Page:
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Thinking in Java
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Final classes

When you say that an entire class is final (by preceding its definition with the final keyword), you state that you don’t want to inherit from this class or allow anyone else to do so. In other words, for some reason the design of your class is such that there is never a need to make any changes, or for safety or security reasons you don’t want subclassing.

// Making an entire class final.

class SmallBrain {}

final class Dinosaur {
  int i = 7;
  int j = 1;
  SmallBrain x = new SmallBrain();
  void f() {}

//! class Further extends Dinosaur {}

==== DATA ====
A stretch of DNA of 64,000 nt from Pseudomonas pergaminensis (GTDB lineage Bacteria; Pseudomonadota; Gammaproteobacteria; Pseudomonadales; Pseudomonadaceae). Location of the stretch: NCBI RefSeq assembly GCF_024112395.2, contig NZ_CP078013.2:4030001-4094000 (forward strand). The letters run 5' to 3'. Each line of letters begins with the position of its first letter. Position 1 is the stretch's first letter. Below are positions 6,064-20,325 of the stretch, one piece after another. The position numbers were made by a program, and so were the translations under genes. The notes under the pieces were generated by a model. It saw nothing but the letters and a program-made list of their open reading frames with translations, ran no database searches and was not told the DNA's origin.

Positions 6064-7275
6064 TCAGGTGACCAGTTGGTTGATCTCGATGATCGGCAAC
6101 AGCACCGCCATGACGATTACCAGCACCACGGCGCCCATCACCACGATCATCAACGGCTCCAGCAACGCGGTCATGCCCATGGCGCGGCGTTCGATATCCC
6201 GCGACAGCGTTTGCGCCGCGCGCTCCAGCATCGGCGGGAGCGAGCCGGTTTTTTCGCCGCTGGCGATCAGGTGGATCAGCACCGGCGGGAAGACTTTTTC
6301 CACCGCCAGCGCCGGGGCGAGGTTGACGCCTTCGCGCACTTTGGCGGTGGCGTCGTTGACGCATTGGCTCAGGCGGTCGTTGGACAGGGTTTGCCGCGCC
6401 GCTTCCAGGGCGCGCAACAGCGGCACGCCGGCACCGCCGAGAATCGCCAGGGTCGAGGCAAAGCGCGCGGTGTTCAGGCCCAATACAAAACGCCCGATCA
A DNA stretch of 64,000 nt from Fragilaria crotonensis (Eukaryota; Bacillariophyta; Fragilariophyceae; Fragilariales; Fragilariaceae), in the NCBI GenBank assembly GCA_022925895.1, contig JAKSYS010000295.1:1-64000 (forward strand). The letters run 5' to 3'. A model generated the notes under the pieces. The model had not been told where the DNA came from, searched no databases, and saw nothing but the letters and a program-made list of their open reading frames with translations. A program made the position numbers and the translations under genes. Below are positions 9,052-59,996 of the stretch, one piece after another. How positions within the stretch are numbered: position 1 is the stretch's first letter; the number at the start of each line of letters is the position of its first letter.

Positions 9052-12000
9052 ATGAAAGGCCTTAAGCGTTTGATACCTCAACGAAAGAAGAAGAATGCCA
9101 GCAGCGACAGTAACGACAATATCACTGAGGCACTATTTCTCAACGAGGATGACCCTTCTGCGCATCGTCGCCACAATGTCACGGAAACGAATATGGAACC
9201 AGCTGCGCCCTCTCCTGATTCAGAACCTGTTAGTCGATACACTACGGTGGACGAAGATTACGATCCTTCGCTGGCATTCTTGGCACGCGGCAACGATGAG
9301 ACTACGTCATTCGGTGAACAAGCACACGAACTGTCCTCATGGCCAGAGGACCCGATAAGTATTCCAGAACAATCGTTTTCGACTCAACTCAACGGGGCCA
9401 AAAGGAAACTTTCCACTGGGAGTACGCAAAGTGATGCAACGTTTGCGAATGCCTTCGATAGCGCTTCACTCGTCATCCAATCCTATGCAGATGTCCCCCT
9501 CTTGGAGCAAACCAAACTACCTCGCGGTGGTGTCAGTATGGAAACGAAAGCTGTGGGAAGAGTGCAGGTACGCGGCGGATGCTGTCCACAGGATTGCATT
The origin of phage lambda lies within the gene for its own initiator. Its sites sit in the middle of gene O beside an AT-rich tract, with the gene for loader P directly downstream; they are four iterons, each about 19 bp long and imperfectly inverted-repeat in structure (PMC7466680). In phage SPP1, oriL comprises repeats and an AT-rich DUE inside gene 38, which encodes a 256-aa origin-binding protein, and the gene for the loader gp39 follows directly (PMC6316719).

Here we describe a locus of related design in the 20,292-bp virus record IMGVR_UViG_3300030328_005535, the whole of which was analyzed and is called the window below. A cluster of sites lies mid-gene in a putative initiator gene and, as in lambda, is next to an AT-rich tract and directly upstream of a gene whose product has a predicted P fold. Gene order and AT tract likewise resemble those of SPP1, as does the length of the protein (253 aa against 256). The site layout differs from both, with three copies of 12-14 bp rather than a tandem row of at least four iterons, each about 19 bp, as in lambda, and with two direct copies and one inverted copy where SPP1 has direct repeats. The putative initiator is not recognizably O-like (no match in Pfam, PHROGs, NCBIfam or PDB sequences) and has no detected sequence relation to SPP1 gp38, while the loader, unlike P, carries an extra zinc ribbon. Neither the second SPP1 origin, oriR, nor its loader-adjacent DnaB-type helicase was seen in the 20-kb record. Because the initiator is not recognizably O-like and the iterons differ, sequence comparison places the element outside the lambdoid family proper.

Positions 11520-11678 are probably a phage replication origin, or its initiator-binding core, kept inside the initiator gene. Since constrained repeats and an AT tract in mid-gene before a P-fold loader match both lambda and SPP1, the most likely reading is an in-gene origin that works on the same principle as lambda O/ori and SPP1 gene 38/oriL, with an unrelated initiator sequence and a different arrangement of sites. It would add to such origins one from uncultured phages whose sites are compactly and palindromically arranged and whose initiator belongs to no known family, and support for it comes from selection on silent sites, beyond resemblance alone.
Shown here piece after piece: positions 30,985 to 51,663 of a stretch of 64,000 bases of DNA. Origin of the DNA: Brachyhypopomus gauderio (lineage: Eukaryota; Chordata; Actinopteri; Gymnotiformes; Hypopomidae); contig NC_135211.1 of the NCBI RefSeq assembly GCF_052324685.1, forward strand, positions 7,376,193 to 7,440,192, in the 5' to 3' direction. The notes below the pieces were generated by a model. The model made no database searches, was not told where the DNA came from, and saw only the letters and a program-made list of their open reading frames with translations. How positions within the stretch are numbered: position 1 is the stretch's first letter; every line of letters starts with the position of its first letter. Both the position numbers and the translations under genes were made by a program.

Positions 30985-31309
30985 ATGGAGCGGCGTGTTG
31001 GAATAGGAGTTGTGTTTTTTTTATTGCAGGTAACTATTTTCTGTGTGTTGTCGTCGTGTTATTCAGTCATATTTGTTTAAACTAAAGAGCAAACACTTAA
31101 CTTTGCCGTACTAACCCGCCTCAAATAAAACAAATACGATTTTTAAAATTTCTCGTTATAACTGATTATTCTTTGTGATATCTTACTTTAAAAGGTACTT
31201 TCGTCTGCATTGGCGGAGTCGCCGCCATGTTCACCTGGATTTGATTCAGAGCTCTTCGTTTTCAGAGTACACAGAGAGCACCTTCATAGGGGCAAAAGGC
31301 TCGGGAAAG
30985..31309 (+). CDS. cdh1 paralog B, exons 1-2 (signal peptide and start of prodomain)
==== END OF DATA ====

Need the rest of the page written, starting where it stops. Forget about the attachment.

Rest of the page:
// error: Cannot extend final class 'Dinosaur'

public class Jurassic {
  public static void main(String[] args) {
    Dinosaur n = new Dinosaur();
    n.i = 40;
} ///:~

Note that the fields of a final class can be final or not, as you choose. The same rules apply to final for fields regardless of whether the class is defined as final. However, because it prevents inheritance, all methods in a final class are implicitly final, since there’s no way to override them. You can add the final specifier to a method in a final class, but it doesn’t add any meaning.
Thinking in Java
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   Reproduced courtesy of Bruce Eckel, MindView, Inc. Design by Interspire